For all dates of service prior to April 1, 2020, a more generic diagnosis code was used (B97.29). The B97.29 code by definition cannot be placed in the primary diagnosis position as the condition that caused the admission; however, the U07.01 code can be placed in the primary position, which allows for more flexible and accurate coding. Table 5 was developed using common patient manifestations assuming COVID-19 as the principal diagnosis.

Slide5 2

Organizations should ensure the correct diagnosis code and sequencing is used based on the patient’s date of service or discharge date. Clinicians and coders should consider the following information when coding:

  • A positive test result is not required to use U07.01, as long as the clinical picture and treat-ment support a positive COVID-19 diagnosis and this is well documented in the clinician’s diagnostic statement.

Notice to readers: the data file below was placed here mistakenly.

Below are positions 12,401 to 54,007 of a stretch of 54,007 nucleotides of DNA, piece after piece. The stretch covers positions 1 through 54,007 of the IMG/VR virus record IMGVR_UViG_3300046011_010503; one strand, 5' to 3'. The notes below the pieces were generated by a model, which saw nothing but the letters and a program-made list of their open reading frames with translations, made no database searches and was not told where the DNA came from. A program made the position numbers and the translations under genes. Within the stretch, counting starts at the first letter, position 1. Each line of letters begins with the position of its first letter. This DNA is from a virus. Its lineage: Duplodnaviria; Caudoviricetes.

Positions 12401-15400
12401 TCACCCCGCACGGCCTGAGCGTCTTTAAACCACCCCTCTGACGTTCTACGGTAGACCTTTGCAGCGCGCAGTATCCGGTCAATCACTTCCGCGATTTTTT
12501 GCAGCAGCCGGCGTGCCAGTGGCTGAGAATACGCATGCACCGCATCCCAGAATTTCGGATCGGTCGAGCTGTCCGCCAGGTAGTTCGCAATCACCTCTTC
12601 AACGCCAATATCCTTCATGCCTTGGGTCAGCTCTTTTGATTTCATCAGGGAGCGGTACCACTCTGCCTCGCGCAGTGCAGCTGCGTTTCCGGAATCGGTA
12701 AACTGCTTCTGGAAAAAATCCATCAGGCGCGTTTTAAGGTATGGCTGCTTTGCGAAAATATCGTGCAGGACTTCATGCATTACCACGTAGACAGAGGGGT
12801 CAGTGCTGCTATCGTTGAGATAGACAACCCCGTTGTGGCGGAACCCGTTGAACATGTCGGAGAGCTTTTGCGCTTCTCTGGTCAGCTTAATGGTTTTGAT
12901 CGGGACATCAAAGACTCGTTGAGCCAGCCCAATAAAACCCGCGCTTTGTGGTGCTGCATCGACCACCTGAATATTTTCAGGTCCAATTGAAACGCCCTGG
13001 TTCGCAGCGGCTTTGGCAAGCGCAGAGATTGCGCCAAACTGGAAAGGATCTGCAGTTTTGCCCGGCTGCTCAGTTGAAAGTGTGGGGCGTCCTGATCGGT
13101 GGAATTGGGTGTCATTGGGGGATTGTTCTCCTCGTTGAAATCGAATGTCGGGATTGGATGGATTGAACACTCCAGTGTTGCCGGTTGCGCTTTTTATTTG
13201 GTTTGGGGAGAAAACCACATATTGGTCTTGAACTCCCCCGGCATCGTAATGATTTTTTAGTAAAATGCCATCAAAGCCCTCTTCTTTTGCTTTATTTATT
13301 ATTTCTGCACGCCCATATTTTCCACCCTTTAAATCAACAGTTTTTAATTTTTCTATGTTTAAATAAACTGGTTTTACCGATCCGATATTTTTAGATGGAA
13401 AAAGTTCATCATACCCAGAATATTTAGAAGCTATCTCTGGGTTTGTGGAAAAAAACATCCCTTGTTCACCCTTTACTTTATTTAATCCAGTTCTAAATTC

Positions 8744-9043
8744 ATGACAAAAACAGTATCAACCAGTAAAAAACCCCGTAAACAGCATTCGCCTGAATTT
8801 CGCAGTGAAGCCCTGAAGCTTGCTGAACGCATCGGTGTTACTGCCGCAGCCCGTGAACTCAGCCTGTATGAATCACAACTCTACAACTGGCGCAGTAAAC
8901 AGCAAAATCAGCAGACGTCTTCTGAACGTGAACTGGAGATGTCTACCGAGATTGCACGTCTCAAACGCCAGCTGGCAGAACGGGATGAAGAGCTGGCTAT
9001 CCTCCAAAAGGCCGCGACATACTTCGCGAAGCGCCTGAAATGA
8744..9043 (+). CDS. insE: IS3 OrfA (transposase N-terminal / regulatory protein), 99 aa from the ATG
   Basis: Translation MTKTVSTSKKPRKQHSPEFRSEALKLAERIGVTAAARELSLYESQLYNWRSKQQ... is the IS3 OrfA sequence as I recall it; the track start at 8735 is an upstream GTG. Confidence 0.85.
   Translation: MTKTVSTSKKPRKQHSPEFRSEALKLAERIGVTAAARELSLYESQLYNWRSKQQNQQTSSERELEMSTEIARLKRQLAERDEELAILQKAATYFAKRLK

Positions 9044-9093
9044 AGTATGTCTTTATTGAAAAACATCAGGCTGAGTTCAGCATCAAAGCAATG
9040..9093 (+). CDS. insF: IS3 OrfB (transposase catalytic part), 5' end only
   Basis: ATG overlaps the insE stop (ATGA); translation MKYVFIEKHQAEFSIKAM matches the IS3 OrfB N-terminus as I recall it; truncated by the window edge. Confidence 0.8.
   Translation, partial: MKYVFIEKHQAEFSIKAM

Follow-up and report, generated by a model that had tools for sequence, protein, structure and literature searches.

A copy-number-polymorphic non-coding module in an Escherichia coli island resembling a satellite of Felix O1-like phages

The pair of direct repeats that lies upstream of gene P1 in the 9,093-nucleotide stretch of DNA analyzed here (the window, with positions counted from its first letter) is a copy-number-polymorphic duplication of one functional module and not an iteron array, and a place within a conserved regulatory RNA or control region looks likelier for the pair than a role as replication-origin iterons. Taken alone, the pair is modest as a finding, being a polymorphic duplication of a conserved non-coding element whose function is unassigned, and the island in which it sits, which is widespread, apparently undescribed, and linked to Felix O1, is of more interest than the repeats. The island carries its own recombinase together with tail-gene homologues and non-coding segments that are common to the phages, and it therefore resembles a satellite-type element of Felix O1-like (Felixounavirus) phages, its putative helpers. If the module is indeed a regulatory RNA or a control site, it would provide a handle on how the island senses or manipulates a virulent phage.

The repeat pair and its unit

• If the patient has a positive test result and this is maintained in the patient’s medical record, clinicians do not need to directly affirm COVID-19 in their documentation for use of U07.01.
  • To use U07.01 as the primary diagnosis, clinicians must both affirm the COVID-19 diagnosis and link a nonpulmonary diagnosis as a manifestation of the COVID infection in their docu-mentation.

Organizations’ CDI and provider education specialists should develop communication materials for clinicians to use in optimizing coding and reimbursement.

Additional Considerations and Implications

As your organization navigates the ever-changing coding and billing requirements for COVID-19, be sure to: